Stay safe, be well, keep calm, keep washing your hands, keep wearing your mask, and keep doing everything you can to stay safe. The country may be “re-opening,” but Coronavirus has never stopped working.


Day 57 – Stories of COVID-19 and Sheltering-In-Place

All this to say, Dr. Swan is not a wacko. Still, flatulence as a carrier for Coronavirus…I don’t know…sounds like some weird idea Winthrop Dijkstra-Baum would come up with.

Monday, May 11, 2020 – Live to Blog in a Well Ventilated Room


There are so many things we don’t know about COVID-19…yet. Some things we are learning are quite serious. Other things…well, you be the judge.

Does Passing Gas Spread COVID-19?

Catching up on episodes of The Late Show with Stephen Cobert over the weekend I learned of some new scientific research on the spread of COVID-19 which could have serious implications for all of us who love beans. According to Cobert, scientists in Australia have been studying whether the Coronavirus can be spread through flatulence.

I wasn’t sure whether that was an actual thing or if it was part of the comedian’s schtick for the night. Turns out the New York Post reported on April 20th that Dr. Norman Swan said in his podcast that people may pass COVID-19 when they pass gas. When you navigate to the New York Post site in the link above, be sure to watch the brief video so you can hear Dr. Swan make his case personally.

Dr. Swan, it turns out, is nearly the counterpart in Australia to Dr. Sanjay Gupta of CNN here in the U.S. Gupta is a neurosurgeon in Atlanta who actually does practice medicine, performs surgery, and teaches at Emory University School of Medicine. If you’ve been following Dr. Gupta during the COVID-19 pandemic, his coverage and reporting has been some of the best. He is my “go to” guy on television for information when Drs. Fauci, Birx, and Redfield are nowhere in sight. Dr. Swan is a medical journalist though it does not appear he is currently practicing medicine.

All this to say, Dr. Swan is not a wacko. Still, flatulence as a carrier for COVID-19…I don’t know. Sounds like some weird idea Winthrop Dijkstra-Baum would come up with.

When I am filled with uncertainty I go to the source of all knowledge – Google, not Winthrop, to be clear. I asked Google to search for answers to a question worded exactly like this: “Does passing gas spread coronavirus?” Here’s some of what came up in the search:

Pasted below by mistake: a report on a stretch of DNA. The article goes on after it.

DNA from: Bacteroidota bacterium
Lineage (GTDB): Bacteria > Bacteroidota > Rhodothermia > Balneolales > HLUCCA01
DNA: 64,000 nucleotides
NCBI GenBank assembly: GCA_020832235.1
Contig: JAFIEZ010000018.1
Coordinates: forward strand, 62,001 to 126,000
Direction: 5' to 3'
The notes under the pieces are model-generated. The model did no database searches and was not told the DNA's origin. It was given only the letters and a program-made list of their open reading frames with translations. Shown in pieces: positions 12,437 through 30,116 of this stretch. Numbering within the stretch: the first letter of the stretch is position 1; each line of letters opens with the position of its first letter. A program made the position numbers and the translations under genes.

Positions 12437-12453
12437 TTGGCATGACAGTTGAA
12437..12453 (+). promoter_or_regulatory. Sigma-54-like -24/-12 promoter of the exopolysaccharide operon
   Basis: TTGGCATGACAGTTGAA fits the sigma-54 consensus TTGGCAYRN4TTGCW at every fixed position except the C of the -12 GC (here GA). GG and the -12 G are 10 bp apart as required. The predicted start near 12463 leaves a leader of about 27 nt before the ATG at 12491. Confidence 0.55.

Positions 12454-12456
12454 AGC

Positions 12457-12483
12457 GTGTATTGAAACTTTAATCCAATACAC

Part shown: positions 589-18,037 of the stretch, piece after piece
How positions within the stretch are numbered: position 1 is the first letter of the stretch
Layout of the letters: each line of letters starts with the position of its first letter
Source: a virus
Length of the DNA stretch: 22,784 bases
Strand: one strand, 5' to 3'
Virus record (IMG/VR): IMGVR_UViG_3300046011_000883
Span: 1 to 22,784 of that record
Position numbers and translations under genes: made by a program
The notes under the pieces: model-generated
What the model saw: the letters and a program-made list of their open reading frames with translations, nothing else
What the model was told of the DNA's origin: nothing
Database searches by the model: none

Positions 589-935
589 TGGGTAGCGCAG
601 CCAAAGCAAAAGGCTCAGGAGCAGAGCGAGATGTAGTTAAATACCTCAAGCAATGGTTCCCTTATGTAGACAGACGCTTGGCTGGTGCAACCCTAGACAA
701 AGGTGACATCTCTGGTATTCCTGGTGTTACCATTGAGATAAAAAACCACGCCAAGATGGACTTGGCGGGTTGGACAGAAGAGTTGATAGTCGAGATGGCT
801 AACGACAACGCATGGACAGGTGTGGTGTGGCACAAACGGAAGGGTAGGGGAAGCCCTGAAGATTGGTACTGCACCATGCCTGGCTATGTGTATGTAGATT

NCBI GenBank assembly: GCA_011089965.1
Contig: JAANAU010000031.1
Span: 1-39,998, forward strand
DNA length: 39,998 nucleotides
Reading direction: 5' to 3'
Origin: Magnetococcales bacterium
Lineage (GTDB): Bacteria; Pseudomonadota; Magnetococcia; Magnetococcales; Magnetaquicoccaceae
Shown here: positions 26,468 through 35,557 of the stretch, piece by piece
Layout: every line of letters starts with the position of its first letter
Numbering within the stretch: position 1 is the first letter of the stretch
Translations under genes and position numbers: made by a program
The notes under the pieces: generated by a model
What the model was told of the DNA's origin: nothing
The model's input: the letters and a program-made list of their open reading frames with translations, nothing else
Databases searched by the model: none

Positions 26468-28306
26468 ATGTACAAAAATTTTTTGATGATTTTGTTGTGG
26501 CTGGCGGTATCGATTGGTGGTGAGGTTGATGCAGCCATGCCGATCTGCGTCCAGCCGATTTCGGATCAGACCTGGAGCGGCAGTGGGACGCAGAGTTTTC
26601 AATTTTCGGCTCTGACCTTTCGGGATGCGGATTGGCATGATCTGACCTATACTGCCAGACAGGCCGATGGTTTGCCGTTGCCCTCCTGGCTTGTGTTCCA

USA Today: Fact check: We know about coughs and sneezes. But can coronavirus spread through farts?

Forbes: Can Farts Transmit COVID-19 Coronavirus? Here Is What Is Being Said

The Sun: Load of Guff? Doctor says coronavirus could be spreading through farts – but experts aren’t so sure

The Jarkarta Post: Smelly and dangerous? Scientist, doctors on whether farts transmit COVID-19

I hope you took a few minutes to look through some of those articles. Really, it was an education at so many levels and in so many ways.

So, does passing gas also pass the COVID-19? There was some research conducted and reported in the British Medical Journal back in 2001. It had to do with passing gas into petri dishes, really. I think you’ll have no problem sniffing out the article. Once you open the link above (or the next one) just scroll down the page and keep your eyes open for Hot Air? Ironically, the research presents a compelling case for why wearing a face mask helps prevent the spread of the COVID-19. Because, you see, in the case of flatulence, our pants are also masks. If you know people who really can’t understand the value of wearing a mask, share this article with them…seriously…maybe they’ll get it then.

Of course, these days, whenever we need a lift from the news, we just turn our ears and hearts to the music of “Frozen.” Enjoy!

The Adventures of Chickenman

Rhyme is running crampant in Midland City and the call goes out to the Fearless Foul for help.

In Reality…

We know far less about COVID-19 than we think we do. For months millions, if not billions, of dollars have been invested in learning its origins, how it spreads, and what it does to the human body. While we have learned much, there is still much we do not know.